Helpfulness Voting and the Search for Excellence

Matt Leo

On Friday, November 4, Assistant Professor of Information Science at Cornell University David Mimno visited Colgate to present a lecture titled “Trendiness, Conformity and Stackoverflow: Searching for Excellence When Everything is Connected.” During the discussion, Mimno argued that Internet consumers are strongly influenced by the various ways in which online content is presented. 

To illustrate this point, Mimno discussed how content is displayed on websites such as programming website, and even These websites use helpfulness voting, where users are able to rate comments on forums based on the comment’s overall ability to answer various questions posed. During the lecture, Mimno described a model that seeks to illuminate how helpfulness voting works and to characterize behaviors of different communities based on these votes. Ultimately, Mimno sought to find which answers and online material are truly excellent and have ratings that are not skewed by technicalities of online voting.

To develop a frame for his discussion, Mimno presented a few basic definitions of terms he used. He defined “item” as a topic of discussion, “response” as a user-submitted reaction to an item and “vote” as a user-submitted reaction to the response. With these defined terms in mind, he discussed a few examples to help contextualize what his research does.

Mimno first discussed helpfulness voting on, manifested as customer reviews. He posed a question about why certain reviews pop up initially, and others take a lot of effort to find. For an example, he shared online reviews of the book “A Million Random Digits”. Using this example, Mimno pointed out the 655 reviews and the four-star average of reviews. However, he discussed the quality of these reviews, and he pointed out that the top-rated reviews, the first to show up, tended to lack seriousness. 

“While the printed version is good, I would have expected the publisher to have an audiobook version as well. A perfect companion for one’s iPod,” wrote one reviewer.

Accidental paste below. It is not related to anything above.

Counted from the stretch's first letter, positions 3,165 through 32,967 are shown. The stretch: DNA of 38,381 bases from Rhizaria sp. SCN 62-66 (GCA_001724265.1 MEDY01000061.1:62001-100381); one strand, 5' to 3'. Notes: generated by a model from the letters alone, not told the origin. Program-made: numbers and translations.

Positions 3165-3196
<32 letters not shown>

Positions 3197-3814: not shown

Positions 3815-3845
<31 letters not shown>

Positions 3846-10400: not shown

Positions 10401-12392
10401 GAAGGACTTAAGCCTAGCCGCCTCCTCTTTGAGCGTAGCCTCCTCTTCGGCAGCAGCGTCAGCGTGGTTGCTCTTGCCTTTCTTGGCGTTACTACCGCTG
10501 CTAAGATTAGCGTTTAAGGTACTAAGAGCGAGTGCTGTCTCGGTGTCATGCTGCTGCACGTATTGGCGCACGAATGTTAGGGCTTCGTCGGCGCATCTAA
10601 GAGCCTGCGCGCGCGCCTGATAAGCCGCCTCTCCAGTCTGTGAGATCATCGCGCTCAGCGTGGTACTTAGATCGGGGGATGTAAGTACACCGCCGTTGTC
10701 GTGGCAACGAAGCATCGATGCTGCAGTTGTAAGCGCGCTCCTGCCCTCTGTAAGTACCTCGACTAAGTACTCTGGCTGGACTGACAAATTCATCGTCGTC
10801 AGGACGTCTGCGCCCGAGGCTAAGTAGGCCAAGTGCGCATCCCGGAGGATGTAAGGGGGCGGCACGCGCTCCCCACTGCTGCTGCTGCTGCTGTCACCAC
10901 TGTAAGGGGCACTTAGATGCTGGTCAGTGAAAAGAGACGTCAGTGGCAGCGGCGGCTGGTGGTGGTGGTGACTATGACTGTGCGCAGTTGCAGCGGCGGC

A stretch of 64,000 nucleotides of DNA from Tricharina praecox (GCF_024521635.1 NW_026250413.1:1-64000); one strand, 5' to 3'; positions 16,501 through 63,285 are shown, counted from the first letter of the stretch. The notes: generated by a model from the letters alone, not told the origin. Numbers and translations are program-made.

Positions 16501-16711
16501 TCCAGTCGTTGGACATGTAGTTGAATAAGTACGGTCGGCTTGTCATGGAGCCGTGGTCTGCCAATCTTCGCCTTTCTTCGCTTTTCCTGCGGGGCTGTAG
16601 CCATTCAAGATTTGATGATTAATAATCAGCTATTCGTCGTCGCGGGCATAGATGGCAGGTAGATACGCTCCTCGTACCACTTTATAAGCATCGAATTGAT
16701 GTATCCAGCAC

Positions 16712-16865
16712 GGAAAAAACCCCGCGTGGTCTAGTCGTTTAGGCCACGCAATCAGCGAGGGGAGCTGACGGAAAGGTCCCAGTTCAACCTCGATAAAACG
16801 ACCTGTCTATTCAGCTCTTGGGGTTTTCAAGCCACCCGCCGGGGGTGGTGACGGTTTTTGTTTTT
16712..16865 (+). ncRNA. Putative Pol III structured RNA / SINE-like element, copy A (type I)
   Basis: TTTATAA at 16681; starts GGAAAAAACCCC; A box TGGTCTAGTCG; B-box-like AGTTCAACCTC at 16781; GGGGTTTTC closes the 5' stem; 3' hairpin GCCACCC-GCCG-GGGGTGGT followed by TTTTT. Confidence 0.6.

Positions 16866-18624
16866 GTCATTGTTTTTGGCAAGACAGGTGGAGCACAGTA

“Such a terrific reference work! But with so many terrific random digits, it’s a shame they didn’t sort them to make it easier to find the one you’re looking for,” wrote another sarcastic reviewer.

This example demonstrated how insincere reviews could still be highly ranked by consumers. They may not necessarily be considered “excellent” or even “helpful” from an objective standing.

Mimno presented a couple of other examples of this and he largely focused on Stack Overflow, a website that is a very important resource for the programming community. He discussed the voting process that determines how different answers and comments are displayed, and it is a simple upvote/downvote system. He pointed out how this system is efficient in presenting the correct answers first, yet there are many ways for the information to be deviated and that the correct answer is not always the one that is accepted as such and displayed at the top.

The discussion shifted to a broader viewpoint regarding the bridge between psychology and modeling as the twenty-first century is the era of big data. Mimno discussed the different biases that arise from the way that information is presented, such as the Music Lab Study by Salganic, Dodds and Watts. This study demonstrated that people’s individual beliefs about a song are largely affected by the rankings other people have assigned to those songs. The study demonstrates Mimno’s argument that people’s opinions are hugely influenced by those of their peers.